Wednesday, October 30, 2013

On Those Who Judge, Continued

Wow, the kids have been keeping me busy. Also, Destructo's Halloween costume. I'm making it myself. More on that later. This is a follow up to my other blog entry, which you can read here.

So. As I mentioned in the last entry, Destructo and I had a late night. When he goes to bed around 3 AM he would often crash until 11 AM. I awoke the next morning to Destructo's godmother coming into our bedroom and telling me not to freak out when I got out of bed, that she was taking Destructo and I out after I saw what was on Facebook.

This, was in my inbox.

The names are of course blocked out, but Red Person also copied Destructo's godmother and the wife of one of our mutual friends. Destructo's godmother is a special education teacher. The second person is a mother who saw the comment the night before. The second person, replied first.

I didn't reply until several hours later, as can be seen by the time stamp. Destructo and I went out with Destructo's godmother, because she's awesome and she knew I was under enough stress as it was. Also, I didn't want to fly off the handle at the jerk, either.

Destructo's godmother stays out of the group conversation. Red person came back with the following, which I didn't dignify with a response, and if I had--it would have been everything I included in my previous blog entry on this topic.

I will admit I am still steaming a bit about it, maybe it's because I expect this person to realize how far their head is up their rear end and apologize to me. On another level, I know that will never happen. Sometime in the next year after this, I became friends with MommaDe, who also knew Red Person, basically due to our overlapping social circles.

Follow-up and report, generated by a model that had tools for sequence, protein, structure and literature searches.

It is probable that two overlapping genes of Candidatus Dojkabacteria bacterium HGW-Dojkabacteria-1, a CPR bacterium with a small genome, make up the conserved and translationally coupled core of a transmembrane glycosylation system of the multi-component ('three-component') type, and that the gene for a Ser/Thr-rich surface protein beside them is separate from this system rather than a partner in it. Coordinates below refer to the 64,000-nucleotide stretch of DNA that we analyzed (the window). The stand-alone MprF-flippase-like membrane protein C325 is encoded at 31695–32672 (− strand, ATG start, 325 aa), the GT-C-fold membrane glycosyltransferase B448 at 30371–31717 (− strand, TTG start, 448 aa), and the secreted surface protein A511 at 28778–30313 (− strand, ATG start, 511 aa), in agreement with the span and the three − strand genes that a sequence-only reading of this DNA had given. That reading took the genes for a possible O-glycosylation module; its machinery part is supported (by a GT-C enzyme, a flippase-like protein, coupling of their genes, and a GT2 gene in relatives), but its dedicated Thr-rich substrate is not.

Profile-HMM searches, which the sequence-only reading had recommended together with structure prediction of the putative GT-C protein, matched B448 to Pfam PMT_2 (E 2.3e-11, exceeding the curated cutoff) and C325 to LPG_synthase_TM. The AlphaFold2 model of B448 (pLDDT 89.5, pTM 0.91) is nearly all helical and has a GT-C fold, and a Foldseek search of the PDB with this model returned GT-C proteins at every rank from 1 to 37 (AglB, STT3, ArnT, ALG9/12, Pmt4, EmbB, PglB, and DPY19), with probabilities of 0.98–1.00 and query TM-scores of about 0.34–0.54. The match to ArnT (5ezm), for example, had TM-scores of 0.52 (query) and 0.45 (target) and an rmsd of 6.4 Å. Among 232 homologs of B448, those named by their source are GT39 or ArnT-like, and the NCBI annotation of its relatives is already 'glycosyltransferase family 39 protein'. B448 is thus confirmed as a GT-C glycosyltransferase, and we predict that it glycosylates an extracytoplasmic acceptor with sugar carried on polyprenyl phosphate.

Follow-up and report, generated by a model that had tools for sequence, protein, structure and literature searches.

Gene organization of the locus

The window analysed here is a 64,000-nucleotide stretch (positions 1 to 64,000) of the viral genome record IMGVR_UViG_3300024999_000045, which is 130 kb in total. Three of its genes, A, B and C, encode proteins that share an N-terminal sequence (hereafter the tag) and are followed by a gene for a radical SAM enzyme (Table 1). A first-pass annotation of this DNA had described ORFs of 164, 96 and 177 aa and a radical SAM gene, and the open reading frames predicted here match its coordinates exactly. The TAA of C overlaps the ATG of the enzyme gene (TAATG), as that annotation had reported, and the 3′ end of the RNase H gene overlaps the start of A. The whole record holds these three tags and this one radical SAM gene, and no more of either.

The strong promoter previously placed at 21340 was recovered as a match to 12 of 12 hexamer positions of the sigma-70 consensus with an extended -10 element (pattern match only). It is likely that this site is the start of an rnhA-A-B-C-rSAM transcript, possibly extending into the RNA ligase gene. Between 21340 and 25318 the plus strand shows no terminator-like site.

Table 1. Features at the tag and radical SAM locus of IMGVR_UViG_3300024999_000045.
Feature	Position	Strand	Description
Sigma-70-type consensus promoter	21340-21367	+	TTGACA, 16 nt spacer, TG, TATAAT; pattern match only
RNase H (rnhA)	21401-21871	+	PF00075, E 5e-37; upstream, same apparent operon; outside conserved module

On the other hand, I also feel sorry for Red Person. I have no idea what they're doing with their life now, and I mostly don't care. But--I do worry for those in his future. What if there is a special needs child in his future? Let's do a thought experiment. Red Person uses the generic term "issues." And when I've been thinking about this blog this occurred to me: how does it sound when you replace "issues" with a solid diagnosis? Mind you, the whole point of my previous entry was that all signs were pointing to Autism.

NO ONE is going to care about his issues but you and him. NO ONE is going to care about his Autism but you and him. NO ONE is going to care about his Cystic Fibrosis but you and him. NO ONE is going to care about his Diabetes but you and him. NO ONE is going to care about his Down Syndrome but you and him. NO ONE is going to care about his Manic Depression but you and him.

And this, this is what worries me should this person become a parent one day. Because if this is how this person's mind works, I fear for the quality of life of their child should they have a lifelong medical need. Am I over-reacting? I don't know. I'm extrapolating with the information I have, and this is the conclusion I came to.

1 comment:

  1. Don't apologize. Unless you are a special needs parent, there is 0 that should be added to the conversation. A friend of mine pointed out that saying "you're not a parent so your judgements, advice, comments, etc. mean nothing" can be harsh, especially if that person wants to be a parent someday or have tried and failed at conception. I see her point, but if all that person has to offer is a douchey attitude and condescending comments, then their advice lacks founded backbone. You really don't know what it's like until you have your own kid. And I agree with you, I hope Red never breeds. This world has enough pricks raising angry kids. We don't need another